From A-Cold-Wall’s immersive commentary on constricting architecture, to Lou Dalton’s farmyard-inspired frolics, Alex Mullins’ ravers take on tailoring, to Italian label Iceberg’s London debut, we present the Wallpaper* pick of London Fashion Week Men’s S/S 2019
A-COLD-WALL*: the anticipation around LVMH finalist and Virgil Abloh protégée Samuel Ross’ latest show was palpable. As guests entered in A-COLD-WALL’s show space, they were handed protective goggles, ear plugs and a dust mask; an immersive experience awaited. Ross aimed to explore man’s uneasy relationship with the stark and enclosing aesthetic of Brutalist architecture, creating a theatrical performance which involved rubble covered models carrying wooden structures, and a nude man covered in red liquid breaking forth from a polystyrene box, and writhing in detritus. Theatrics aside, the collection emphasised the British designer’s prowess in streetwear, with innovative nylons finished with wire cord, zips and padding taking centre stage. The brand’s curving leather clutches will soon be as coveted as those protective eye masks and ear buds
Berthold: after skipping a catwalk show last season, designer Raimund Berthold presented a performance-focused and outdoorsy S/S 2019 offering, inspired by desert scenes at dusk. Working in a colour palette of sand, bubblegum pink and black, Berthold presented parkas and cagoules in papery leather and lightweight plastic, layered with sleeveless hoodies and pocket detail trousers. It was protective and military-focused, with looks accessorised with caps, balaclavas and camping knapsacks.
Alex Mullins: designer Alex Mullins first showed at London Fashion Week Men’s for S/S 2017, and since his debut the designer hasn’t shied away from innovative prints and finishes. For S/S 2019, he presented a collection divided into 9 triptychs (a smart move should one theme not catch a buyer’s or customer’s eye). This resulted in tailoring layered with 90s rave cut-out neon vests, double-breasted suiting constructed from squiggly splices of fabric, paint-splatter prints and Oriental fish motif jacquards. Accessories were also standout, seen in bum bags resembling soft circular drums or shoppers constructed from chainmail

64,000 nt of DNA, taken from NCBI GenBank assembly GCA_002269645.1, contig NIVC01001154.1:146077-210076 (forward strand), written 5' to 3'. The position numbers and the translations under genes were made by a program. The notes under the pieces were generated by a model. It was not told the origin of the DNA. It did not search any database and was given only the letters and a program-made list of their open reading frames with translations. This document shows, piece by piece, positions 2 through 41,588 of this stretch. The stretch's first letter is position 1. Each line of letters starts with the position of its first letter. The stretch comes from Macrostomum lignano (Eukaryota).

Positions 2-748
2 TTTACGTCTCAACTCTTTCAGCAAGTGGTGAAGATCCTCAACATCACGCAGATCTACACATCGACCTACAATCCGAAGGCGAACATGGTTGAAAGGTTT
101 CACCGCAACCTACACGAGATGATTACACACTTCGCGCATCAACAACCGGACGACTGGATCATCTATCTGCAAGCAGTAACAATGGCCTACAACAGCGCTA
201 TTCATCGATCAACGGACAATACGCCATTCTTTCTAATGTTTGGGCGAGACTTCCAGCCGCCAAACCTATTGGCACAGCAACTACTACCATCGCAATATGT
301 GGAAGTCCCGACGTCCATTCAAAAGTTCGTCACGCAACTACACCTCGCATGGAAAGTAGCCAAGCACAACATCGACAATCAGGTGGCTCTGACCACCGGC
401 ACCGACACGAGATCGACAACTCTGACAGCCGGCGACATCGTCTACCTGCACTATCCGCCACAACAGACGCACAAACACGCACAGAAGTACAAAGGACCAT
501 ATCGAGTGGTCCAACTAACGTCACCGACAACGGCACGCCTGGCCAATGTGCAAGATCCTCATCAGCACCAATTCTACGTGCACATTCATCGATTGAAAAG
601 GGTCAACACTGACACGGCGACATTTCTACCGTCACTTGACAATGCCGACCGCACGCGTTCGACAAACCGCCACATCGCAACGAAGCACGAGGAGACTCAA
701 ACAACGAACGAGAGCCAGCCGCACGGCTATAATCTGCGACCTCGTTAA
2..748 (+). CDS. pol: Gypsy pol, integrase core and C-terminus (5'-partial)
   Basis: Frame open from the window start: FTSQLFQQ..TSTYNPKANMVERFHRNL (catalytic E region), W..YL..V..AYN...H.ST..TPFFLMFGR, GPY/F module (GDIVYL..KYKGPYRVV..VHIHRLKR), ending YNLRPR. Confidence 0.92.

Iceberg: since his appointment as creative director of the Italian heritage label in August 2016, London-based designer James Long has imbued the brand’s signature cartoon prints and logocentric intarsia knits with a vibrancy and eclecticism signature of the city. Long leapt one step further for S/S 2019, holding his latest men’s and women’s show on the London Fashion Week Men’s schedule. The resulting collection – a blend of poppy retro prints, sporty silhouettes that nodded to the upcoming World Cup, and logo-detail tailoring, featured Peanuts and Joe Cool intarsia knits, souped-up printed denim and football strips. All topped off with Iceberg logo accessories it highlighter hues, clear Perspex boots, and a lightweight cagoule draped around the elbows.
Christopher Ræburn: sustainability has been a thread running throughout London Fashion Week Men’s, a focus seen predominantly in Oliver Spencer and and Matthew Miller’s collections. Christopher Raeburn has always held environmentalist aesthetics at the forefront, and is renowned for his repurposing of surplus army materials. For S/S 2019 the designer presented a collection packed with outdoorsy streetwear essentials, like transparent raincoats, padded cagoules and tracksuits. His collection also marked a collaboration with Timberland, and featured upcyled patchwork tracksuits and Timberland logo bum bags strapped across the body.
Qasimi: founder and creative director of the London-based label Khalid Qasimi explores the concept of the travelling nomad in his collections. For S/S 2019, the designer looked to the shores of Northern Africa for inspiration, with a relaxed and rugged collection of sportswear and tailoring, including reflective utility gilets, cagoules and denim and leather. ‘Every season we talk about this idea of the modern day traveller. I’ve always veered to pulling influences from my history said the UAE-born designer backstage. ‘The check prints are based on archeological markers and the washed ikat print was inspired by leftover mattresses you often find on street corners in North Africa. I found something quite romantic about that idea